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Synthetic identity fraud: Can your team recognize it?

· 5 minute read

· 5 minute read

When people talk about the “ghost in the machine,” they aren’t usually thinking about synthetic identity fraud—but they might as well be.

The thieves who commit synthetic ID fraud are real, but they hide behind a phantom of their own creation—a fake identity (and sometimes hundreds of them) that they use to obtain loans and secure lines of credit, which they max out and eventually default on, leaving the financial institution to cover the loss.

Estimates about how much financial institutions lose to synthetic ID fraud range from $6 billion to $20 billion per year, but no one really knows, because the crime itself is difficult to detect and often goes unreported. In many cases, the only evidence a bank has of being defrauded is a loan default or an unpaid credit-card bill, which the institution eventually writes off as a credit loss.

How synthetic ID scams work

Synthetic identity fraud is a relatively new phenomenon, enabled by an increasingly digital and mobile financial landscape that remains relatively easy to exploit.

To create a synthetic identity, all a fraudster needs to get started is a Social Security number that isn’t yet recognized by credit bureaus, usually from an individual under the age of 18. Coupled with a fictitious name, date of birth, and an address accessible by the thief, the scammer then proceeds to add layers of credibility to this fictitious identity, sometimes going so far as to create fake social media accounts complete with photos and posts that look real. At some point the scammer starts applying for loans or lines of credit, and as soon as an institution takes the bait, the scam is off and running.

One of the reasons synthetic ID fraud is so hard to detect, however, is that the scammers are as familiar with Know Your Customer (KYC) protocols as banks are. In fact, the practice itself is in many ways the criminal class’s evolved response to the fact that banks have gotten so much better at detecting other types of fraud, such as stolen credit cards or actual identities.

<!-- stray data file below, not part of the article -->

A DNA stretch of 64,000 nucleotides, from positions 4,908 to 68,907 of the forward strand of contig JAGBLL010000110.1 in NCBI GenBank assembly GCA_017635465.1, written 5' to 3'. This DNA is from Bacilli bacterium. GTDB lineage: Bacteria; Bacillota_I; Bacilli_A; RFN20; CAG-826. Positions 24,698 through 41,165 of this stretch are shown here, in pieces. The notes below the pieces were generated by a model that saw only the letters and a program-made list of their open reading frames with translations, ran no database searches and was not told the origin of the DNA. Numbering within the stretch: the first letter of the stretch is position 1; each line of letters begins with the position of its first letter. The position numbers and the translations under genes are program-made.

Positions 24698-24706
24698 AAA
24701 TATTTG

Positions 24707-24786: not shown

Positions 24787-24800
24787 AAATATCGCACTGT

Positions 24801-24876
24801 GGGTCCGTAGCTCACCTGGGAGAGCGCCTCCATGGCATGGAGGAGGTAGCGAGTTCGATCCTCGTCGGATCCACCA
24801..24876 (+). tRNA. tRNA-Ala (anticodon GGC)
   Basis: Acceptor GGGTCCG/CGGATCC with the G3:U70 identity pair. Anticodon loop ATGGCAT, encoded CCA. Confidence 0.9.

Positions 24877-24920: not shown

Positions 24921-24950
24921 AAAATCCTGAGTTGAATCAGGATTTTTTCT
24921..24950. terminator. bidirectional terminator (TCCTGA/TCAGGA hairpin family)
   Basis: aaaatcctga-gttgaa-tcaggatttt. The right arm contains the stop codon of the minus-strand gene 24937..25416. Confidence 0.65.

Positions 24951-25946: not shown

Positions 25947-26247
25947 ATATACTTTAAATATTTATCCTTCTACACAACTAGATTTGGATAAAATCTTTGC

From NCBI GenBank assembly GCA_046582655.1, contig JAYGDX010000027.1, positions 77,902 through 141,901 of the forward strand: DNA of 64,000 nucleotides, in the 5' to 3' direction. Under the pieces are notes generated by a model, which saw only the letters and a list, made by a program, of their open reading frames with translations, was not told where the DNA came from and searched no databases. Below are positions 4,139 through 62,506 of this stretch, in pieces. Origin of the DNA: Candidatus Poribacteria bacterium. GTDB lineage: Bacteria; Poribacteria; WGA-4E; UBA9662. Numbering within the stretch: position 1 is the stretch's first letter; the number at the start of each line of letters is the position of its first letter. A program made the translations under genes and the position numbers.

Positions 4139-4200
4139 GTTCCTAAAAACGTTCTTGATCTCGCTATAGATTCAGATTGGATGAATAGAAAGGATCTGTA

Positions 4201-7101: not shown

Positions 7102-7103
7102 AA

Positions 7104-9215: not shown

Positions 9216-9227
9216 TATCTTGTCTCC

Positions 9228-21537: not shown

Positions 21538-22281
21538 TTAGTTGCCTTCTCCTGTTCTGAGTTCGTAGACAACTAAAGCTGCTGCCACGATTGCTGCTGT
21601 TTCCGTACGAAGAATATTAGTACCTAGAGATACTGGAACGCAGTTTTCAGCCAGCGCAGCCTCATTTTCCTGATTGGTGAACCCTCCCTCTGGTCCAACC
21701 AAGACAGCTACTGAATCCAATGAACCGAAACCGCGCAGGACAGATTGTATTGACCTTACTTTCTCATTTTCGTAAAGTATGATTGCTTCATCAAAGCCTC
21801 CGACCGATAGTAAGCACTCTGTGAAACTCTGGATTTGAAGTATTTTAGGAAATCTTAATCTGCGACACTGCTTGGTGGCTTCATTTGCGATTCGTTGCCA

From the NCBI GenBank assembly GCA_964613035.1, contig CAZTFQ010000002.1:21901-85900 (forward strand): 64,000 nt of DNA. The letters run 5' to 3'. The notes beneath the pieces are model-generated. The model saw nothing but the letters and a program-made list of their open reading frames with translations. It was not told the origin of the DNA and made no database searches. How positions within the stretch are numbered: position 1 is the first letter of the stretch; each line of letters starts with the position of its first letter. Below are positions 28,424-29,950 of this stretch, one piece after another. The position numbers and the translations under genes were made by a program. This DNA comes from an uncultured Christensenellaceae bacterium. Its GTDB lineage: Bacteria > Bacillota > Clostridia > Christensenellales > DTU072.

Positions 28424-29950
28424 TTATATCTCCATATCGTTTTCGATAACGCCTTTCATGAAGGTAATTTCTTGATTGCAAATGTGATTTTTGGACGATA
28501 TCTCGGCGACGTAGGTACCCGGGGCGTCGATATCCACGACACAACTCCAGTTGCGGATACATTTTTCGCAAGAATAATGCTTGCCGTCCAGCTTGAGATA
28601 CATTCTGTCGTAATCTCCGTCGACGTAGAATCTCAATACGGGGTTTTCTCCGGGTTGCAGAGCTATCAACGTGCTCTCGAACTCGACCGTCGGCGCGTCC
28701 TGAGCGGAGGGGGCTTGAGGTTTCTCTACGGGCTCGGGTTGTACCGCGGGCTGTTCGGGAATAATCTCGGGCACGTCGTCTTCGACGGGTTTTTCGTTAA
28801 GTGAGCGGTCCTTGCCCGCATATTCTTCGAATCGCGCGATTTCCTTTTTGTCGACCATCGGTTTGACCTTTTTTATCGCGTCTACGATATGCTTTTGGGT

In order to circumvent standard KYC protocols, synthetic ID scammers will go to extraordinary lengths to appear legitimate. Building credit is the game, and the con is a long one. For months or even years the thief may look like an ideal customer, one who makes small purchases every month and pays their bill promptly. As the bank extends this model “customer” more and more credit, or perhaps even an auto loan, everything may look perfectly normal on the surface—until one day the thief cashes out and disappears.

Why are synthetic IDs so hard to detect?

How do synthetic ID fraudsters get away with it, and what can banks do to protect themselves?

One reason synthetic ID fraud is so hard to prevent is that the federal government does not have an easy way for banks to determine whether a social security number, date of birth, or name belongs to a real person. Sometimes financial institutions themselves are reluctant to implement more thorough KYC protocols for fear of adding too much friction to the onboarding process and alienating legitimate new customers.

Furthermore, because banks are often unaware that they have been victimized by this type of fraud, they may be operating with a false sense of confidence in their existing systems and protocols. In other words, some banks don’t feel the need to protect themselves because there doesn’t seem to be anything to protect themselves against.

Of course, these are precisely the cracks in the system that synthetic ID fraudsters work so hard to exploit. Banks that only do basic public records and web searches when onboarding new customers are the easiest to fool. These types of search tools only graze the surface details of a person’s identity, and at that level a well-developed synthetic ID looks identical to a real one.

How to detect synthetic identity fraud

The only reliable way to detect a synthetic ID before it does any harm is to use a more sophisticated solution that pulls information from a variety of databases, both public and proprietary, and compares a broader range of data points to identify anomalies and inconsistencies. These more advanced tools work better because the most noticeable difference between a synthetic ID and a real one is that real people tend to leave behind messier and more diverse data trails.

For example, real people change addresses, phone numbers, and e-mail accounts every now and then; their social media feeds connect with family and other real people; they engage with public authorities through student loans, property records, traffic tickets, marriage licenses, motor vehicle records, and many other means. And as they age, the data trail of a real person tends to grow more consistent, so the same basic information shows up in different places.

When compared with these broader data points, the information connected with synthetic identities tends to be either strangely inconsistent or way too consistent. That is, either the data doesn’t match up or it doesn’t change in the way it should if it were a real person with a real life history.

Advanced search tools that flag these sorts of inconsistencies offer business institutions the best protection against synthetic ID scammers. No tool is perfect, but in the age of digital deception, working without one isn’t a risk worth taking.

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